↓ Skip to main content

Digital storytelling as a method in health research: a systematic review protocol

Overview of attention for article published in Systematic Reviews, March 2018
Altmetric Badge

About this Attention Score

  • In the top 25% of all research outputs scored by Altmetric
  • High Attention Score compared to outputs of the same age (88th percentile)

Mentioned by

1 blog
22 tweeters


24 Dimensions

Readers on

162 Mendeley
You are seeing a free-to-access but limited selection of the activity Altmetric has collected about this research output. Click here to find out more.
Digital storytelling as a method in health research: a systematic review protocol
Published in
Systematic Reviews, March 2018
DOI 10.1186/s13643-018-0704-y
Pubmed ID

Kendra L. Rieger, Christina H. West, Amanda Kenny, Rishma Chooniedass, Lisa Demczuk, Kim M. Mitchell, Joanne Chateau, Shannon D. Scott


Digital storytelling is an arts-based research method with potential to elucidate complex narratives in a compelling manner, increase participant engagement, and enhance the meaning of research findings. This method involves the creation of a 3- to 5-min video that integrates multimedia materials including photos, participant voices, drawings, and music. Given the significant potential of digital storytelling to meaningfully capture and share participants' lived experiences, a systematic review of its use in healthcare research is crucial to develop an in-depth understanding of how researchers have used this method, with an aim to refine and further inform future iterations of its use. We aim to identify and synthesize evidence on the use, impact, and ethical considerations of using digital storytelling in health research. The review questions are as follows: (1) What is known about the purpose, definition, use (processes), and contexts of digital storytelling as part of the research process in health research? (2) What impact does digital storytelling have upon the research process, knowledge development, and healthcare practice? (3) What are the key ethical considerations when using digital storytelling within qualitative, quantitative, and mixed method research studies? Key databases and the grey literature will be searched from 1990 to the present for qualitative, quantitative, and mixed methods studies that utilized digital storytelling as part of the research process. Two independent reviewers will screen and critically appraise relevant articles with established quality appraisal tools. We will extract narrative data from all studies with a standardized data extraction form and conduct a thematic analysis of the data. To facilitate innovative dissemination through social media, we will develop a visual infographic and three digital stories to illustrate the review findings, as well as methodological and ethical implications. In collaboration with national and international experts in digital storytelling, we will synthesize key evidence about digital storytelling that is critical to the development of methodological and ethical expertise about arts-based research methods. We will also develop recommendations for incorporating digital storytelling in a meaningful and ethical manner into the research process. PROSPERO registry number CRD42017068002 .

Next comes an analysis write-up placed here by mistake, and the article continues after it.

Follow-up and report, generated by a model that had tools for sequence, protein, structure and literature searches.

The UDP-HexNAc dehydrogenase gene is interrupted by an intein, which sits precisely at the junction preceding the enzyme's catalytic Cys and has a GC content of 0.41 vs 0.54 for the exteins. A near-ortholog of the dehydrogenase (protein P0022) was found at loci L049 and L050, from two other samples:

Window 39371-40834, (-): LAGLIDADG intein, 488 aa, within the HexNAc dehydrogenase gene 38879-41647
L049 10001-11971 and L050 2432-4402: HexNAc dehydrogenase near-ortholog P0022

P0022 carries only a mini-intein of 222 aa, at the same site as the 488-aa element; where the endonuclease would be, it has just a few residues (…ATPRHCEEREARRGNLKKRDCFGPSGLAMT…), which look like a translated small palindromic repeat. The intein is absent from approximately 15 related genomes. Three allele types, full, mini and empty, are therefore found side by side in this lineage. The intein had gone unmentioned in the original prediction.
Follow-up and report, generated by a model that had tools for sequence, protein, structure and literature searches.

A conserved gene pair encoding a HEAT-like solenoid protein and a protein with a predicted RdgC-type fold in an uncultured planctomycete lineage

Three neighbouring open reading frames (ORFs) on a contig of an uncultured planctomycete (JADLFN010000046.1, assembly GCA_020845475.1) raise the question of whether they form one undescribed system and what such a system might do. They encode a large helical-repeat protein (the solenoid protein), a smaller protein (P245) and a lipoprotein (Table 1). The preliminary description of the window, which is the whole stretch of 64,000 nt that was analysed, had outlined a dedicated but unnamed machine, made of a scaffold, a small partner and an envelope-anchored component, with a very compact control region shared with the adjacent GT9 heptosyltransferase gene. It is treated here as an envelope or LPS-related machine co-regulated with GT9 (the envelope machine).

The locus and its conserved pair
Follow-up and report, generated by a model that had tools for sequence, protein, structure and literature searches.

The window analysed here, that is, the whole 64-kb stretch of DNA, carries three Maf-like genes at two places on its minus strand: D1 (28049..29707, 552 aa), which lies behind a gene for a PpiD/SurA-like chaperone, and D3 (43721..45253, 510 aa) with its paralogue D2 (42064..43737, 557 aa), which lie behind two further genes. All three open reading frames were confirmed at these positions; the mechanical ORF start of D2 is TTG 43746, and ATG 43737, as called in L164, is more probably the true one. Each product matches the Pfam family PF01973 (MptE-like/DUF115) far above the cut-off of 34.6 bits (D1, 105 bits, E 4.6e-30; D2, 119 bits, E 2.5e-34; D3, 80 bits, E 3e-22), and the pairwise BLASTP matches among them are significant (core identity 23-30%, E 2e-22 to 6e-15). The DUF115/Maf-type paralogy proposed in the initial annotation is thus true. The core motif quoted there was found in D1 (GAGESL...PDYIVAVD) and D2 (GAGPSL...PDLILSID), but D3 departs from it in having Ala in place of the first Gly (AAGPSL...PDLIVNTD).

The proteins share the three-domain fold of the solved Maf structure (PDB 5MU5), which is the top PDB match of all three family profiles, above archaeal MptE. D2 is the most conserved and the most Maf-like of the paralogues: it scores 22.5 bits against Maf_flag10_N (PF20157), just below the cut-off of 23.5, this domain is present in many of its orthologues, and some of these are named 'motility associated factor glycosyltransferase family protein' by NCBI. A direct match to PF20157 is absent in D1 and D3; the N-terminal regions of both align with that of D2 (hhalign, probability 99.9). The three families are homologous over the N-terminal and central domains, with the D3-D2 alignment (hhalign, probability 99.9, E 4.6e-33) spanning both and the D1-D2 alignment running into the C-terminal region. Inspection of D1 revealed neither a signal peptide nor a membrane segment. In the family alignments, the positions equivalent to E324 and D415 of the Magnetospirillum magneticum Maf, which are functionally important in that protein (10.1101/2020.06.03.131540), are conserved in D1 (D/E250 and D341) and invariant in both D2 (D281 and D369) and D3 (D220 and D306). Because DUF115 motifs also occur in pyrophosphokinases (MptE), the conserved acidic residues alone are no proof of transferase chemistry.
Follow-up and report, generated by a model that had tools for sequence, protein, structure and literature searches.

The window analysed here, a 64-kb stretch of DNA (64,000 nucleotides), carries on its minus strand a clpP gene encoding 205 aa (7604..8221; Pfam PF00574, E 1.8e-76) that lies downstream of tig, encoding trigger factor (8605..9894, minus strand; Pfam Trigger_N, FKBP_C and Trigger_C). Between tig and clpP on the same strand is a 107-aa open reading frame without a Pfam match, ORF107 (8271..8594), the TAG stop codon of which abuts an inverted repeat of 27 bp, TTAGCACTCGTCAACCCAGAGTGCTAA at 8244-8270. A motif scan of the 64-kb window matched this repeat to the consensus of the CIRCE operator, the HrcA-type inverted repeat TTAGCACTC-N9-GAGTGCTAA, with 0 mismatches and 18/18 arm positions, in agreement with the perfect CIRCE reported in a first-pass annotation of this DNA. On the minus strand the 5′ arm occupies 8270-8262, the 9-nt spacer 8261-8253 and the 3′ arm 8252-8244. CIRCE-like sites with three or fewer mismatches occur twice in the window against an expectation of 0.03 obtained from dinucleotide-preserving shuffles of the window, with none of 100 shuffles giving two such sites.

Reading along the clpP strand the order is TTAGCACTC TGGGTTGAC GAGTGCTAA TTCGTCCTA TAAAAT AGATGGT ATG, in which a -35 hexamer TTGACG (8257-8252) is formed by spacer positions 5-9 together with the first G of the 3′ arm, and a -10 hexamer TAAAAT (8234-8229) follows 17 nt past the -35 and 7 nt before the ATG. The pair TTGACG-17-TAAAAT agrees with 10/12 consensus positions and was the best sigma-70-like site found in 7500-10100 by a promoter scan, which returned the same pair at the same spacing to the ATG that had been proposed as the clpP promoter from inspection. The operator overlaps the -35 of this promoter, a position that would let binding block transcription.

Twitter Demographics

The data shown below were collected from the profiles of 22 tweeters who shared this research output. Click here to find out more about how the information was compiled.

Mendeley readers

The data shown below were compiled from readership statistics for 162 Mendeley readers of this research output. Click here to see the associated Mendeley record.

Geographical breakdown

Country Count As %
Unknown 162 100%

Demographic breakdown

Readers by professional status Count As %
Student > Ph. D. Student 24 15%
Researcher 21 13%
Student > Master 17 10%
Student > Bachelor 14 9%
Student > Doctoral Student 12 7%
Other 35 22%
Unknown 39 24%
Readers by discipline Count As %
Social Sciences 27 17%
Medicine and Dentistry 21 13%
Nursing and Health Professions 17 10%
Arts and Humanities 13 8%
Computer Science 11 7%
Other 31 19%
Unknown 42 26%

Attention Score in Context

This research output has an Altmetric Attention Score of 21. This is our high-level measure of the quality and quantity of online attention that it has received. This Attention Score, as well as the ranking and number of research outputs shown below, was calculated when the research output was last mentioned on 29 December 2020.
All research outputs
of 18,896,657 outputs
Outputs from Systematic Reviews
of 1,693 outputs
Outputs of similar age
of 288,798 outputs
Outputs of similar age from Systematic Reviews
of 1 outputs
Altmetric has tracked 18,896,657 research outputs across all sources so far. Compared to these this one has done particularly well and is in the 93rd percentile: it's in the top 10% of all research outputs ever tracked by Altmetric.
So far Altmetric has tracked 1,693 research outputs from this source. They typically receive a lot more attention than average, with a mean Attention Score of 12.5. This one has done well, scoring higher than 87% of its peers.
Older research outputs will score higher simply because they've had more time to accumulate mentions. To account for age we can compare this Altmetric Attention Score to the 288,798 tracked outputs that were published within six weeks on either side of this one in any source. This one has done well, scoring higher than 88% of its contemporaries.
We're also able to compare this research output to 1 others from the same source and published within six weeks on either side of this one. This one has scored higher than all of them